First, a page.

Review: Resurrection

If there was one album this year that was destined to be a disaster, it was Resurrection by Michael Schenker Fest. This band is a new super group forged by Michael Schenker, recruiting a number of his old band mates to make a new album. The big surprise is, it is pretty solid and really exceeded my expectations.

The idea behind Michael Schenker Fest is very ambitious and I am impressed they actually pulled it off. The album features the singers Gary Barden, Graham Bonnet, Doogie White and Robin McAuley, all big voices and they actually work very well together. Each singer takes up lead and backing vocals, switching places depending on the song and it is very well handled. By far one of the biggest highlights of the album. Also returning is drummer Ted McKenna and Chris Glen on bass, both of which still sound really strong and put on a good show here.

The songs featured on Resurrection are all consistently good, some better than others but nothing here stands out as boring or bad. The band pull out some good heavy metal hooks, the kind thing you’d expect from the Michael Schenker Group, all the while Schenker pulls a lot of great solos and riffs out of his never ending supply of talent. I didn’t find the songs as memorable as Temple of Rock but I liked what I heard and I’m sure many fans will like it too.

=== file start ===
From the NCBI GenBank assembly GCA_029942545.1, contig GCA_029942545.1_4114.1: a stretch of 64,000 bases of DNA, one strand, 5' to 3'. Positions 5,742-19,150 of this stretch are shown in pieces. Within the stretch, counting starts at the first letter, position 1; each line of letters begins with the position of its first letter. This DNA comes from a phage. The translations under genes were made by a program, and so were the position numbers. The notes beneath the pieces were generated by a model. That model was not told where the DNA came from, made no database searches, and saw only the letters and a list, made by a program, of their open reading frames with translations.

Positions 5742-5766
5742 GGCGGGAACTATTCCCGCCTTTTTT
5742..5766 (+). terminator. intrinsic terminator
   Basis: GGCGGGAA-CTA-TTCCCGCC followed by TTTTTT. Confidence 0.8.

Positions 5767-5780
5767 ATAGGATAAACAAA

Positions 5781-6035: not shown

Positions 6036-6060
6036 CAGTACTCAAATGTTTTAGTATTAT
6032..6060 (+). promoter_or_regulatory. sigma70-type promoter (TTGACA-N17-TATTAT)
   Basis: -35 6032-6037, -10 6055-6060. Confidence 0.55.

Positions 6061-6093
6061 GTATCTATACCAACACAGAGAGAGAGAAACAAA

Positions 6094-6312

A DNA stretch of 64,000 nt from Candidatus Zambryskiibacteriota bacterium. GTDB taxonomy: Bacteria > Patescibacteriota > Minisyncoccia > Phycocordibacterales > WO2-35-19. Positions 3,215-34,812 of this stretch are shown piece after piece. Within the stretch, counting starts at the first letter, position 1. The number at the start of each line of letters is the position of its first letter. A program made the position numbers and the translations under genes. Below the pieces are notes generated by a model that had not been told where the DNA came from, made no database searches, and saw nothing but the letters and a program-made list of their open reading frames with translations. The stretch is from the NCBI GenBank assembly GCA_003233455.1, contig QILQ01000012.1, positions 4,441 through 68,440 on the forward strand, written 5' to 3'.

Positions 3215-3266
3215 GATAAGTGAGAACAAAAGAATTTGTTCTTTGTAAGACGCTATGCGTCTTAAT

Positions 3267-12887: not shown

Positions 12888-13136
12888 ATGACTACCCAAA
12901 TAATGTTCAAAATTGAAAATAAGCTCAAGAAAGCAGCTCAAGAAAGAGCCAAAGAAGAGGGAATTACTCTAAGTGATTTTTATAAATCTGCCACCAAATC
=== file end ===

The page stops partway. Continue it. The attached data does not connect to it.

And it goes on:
The album was mixed and mastered a bit too loud for my personal taste but it sounds a lot better than some that I have heard this year. It certainly didn’t kill my ability to enjoy the music. Resurrection is not the best album from Schenker and his band mates, but there is a lot of potential here and I would love to see this mass of musicians use this record as a stable foundation for an even better second album.

Rating : 7 / 10

Where to buy :

Track Listing :

  1. Heart and Soul
  2. Warrior
  3. Take Me to the Church
  4. Night Moods
  5. The Girl With the Stars In Her Eyes
  6. Everest
  7. Messing Around
  8. Time Knows When It's Time
  9. Anchors Away
  10. Salvation
  11. Living a Life Worth Living
  12. The Last Supper